Just when parents seem to settle on a system for keeping tabs on their kids, a new technology is unveiled or old ones become more complex.

Just when parents seem to settle on a system for keeping tabs on their kids, a new technology is unveiled or old ones become more complex.

Just a generation after Atari and cassette players, kids today communicate via Facebook, Twitter and Skype. Even newer versions of the iPod, the music player of choice for most kids, can be used for video chat, Web browsing and phone calls.

Southern Oregon High Tech Crimes Unit Lt. Josh Moulin says it's harder than ever for parents to keep track of what kids are doing and with whom they're communicating.

According to Netsmartz.org, 93 percent of teens (age 12 to 17) are online, and 75 percent have cellphones. A third of teens have been cyberbullied, and one in five teens say they have received sexual solicitations online.

"Parents have to be really careful when they give their kids certain devices. It's overwhelming the amount of technology that's out there, and kids need to learn to be careful with personal information and who they interact with," says Moulin.

"We've seen cases of children as young as 10 years old taking nude pictures of themselves and sending them to friends or people they think are the same age as they are who end up being an online predator."

Moulin and others offer some insight on ways to keep kids safe despite access provided by computers, phones and other gadgets.


With so many smartphones on the market, kids have access to the Internet and 50 or more of their closest friends at the push of a button.

If there's a bright side to such easy access to technology, says Scott Charlston, public relations manager for Verizon's Pacific Northwest region, it's that most cellular providers offer services that locate family members (via Global Positioning System data), restrict phone usage and limit questionable Internet content.

"It's really important that parents are keeping track of what their kids are doing," says Charlston. "With so many smartphones, the kids basically have a cellphone and computer in one."

"There are ways to make it so kids can't text between midnight and 6 a.m. or whenever you don't want them to, and to know that they ended up where they said they were going. We'd really like to see more parents taking advantage of what's available in terms of keeping their kids safe."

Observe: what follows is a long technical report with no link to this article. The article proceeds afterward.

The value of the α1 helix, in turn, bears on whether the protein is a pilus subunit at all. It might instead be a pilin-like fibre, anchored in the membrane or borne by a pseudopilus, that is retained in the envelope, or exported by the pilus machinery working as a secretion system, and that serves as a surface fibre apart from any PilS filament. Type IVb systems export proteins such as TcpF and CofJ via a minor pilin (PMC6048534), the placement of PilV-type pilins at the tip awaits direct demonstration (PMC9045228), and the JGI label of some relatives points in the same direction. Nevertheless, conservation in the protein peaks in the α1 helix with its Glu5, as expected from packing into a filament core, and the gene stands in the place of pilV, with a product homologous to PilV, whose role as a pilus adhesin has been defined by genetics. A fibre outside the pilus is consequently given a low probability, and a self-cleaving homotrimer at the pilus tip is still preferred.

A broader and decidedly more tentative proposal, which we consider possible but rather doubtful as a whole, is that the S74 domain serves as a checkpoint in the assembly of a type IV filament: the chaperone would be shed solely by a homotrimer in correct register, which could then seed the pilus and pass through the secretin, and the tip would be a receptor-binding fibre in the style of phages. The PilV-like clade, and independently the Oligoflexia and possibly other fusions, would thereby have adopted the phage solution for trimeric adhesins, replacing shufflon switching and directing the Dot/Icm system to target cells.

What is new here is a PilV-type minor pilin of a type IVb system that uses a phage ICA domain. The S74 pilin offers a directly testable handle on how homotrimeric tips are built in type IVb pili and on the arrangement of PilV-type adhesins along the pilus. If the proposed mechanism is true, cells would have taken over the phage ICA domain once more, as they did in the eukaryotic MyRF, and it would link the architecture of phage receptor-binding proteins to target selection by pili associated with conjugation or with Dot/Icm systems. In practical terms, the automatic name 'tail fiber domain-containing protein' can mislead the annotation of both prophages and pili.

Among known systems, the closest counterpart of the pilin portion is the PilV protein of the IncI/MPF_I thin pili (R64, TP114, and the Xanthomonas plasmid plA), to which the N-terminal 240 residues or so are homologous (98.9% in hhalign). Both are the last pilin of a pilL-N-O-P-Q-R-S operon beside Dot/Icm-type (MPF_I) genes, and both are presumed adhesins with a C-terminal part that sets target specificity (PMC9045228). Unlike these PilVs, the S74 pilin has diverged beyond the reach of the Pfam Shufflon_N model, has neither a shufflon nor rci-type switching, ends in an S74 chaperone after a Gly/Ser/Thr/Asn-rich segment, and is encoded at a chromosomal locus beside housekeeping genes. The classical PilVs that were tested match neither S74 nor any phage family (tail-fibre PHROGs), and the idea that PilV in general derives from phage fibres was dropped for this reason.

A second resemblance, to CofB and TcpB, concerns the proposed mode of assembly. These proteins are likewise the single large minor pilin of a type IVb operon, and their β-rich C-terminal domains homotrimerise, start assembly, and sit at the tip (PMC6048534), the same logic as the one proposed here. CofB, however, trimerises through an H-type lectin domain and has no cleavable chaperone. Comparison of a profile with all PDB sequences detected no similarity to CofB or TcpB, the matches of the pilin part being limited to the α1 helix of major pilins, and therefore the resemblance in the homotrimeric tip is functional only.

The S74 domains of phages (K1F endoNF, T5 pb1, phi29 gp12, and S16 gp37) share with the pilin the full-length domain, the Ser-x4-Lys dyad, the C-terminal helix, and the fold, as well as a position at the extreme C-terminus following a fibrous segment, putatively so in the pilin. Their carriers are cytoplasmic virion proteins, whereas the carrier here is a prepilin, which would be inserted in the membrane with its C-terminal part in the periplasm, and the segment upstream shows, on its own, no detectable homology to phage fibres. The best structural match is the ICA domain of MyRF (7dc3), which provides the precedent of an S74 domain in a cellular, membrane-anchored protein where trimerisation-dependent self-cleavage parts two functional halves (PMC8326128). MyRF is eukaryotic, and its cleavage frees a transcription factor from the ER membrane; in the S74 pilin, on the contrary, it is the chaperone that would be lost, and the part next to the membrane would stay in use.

Moulin recommends the use of restricted phones for kids too young to understand safety risks. When shopping for phones, check available safety features and consider whether kids need text or camera features.

"If you want them to have a phone for safety reasons, there are phones available that only receive and dial certain phone numbers: Mom, Dad, Grandma, Grandpa and 9-1-1," says Moulin.

"Those are nice because you don't have to worry about them texting or receiving phone calls you don't want them to."


With social networks such as Facebook and Twitter, parents should abide by age limitations, which range from 13 to 18, set by the loosely monitored sites.

Software abounds to filter questionable content and limit certain websites. But David Hand, president of Computer Country Internet Services of Medford, says nothing with a microchip can replace good, old-fashioned parental supervision.

"As a parent myself, the way we did it, the Internet was on a machine in the middle of the room and no one was allowed to ever clear the history. If the history was ever cleared, the computer was no longer available," says Hand.

"No one keeps a loaded gun behind their kid's door, but it's not much different than allowing access to the Internet, then not paying attention to what they're doing."

Other advice he offers for social-networking sites: Parents should approve anyone added to "friends" lists and have a child's login information.

For obvious reasons, teach kids not to "tweet" or "status post" when the whole family will be out of town, leaving the house unattended, and make sure they never put identifying information online.

Remind kids that information posted online can be shared, including personal comments, cellphone numbers and online passwords. Talk to your child about the possible consequences of sending sexually explicit or provocative images or text messages. If parents plan for the worst, they'll have a plan in place when something happens.


Parents need to become familiar with modern technologies, including smartphones and social-networking sites, before allowing kids to use them. With thousands of apps on the market, kids can use sites like Skype and Facebook to search and post information online.

"Even iPods can be used as a telephone," says Moulin.

"It's amazing how many ways kids can get online and share information. If parents are going to keep their kids safe, they've got to pay attention."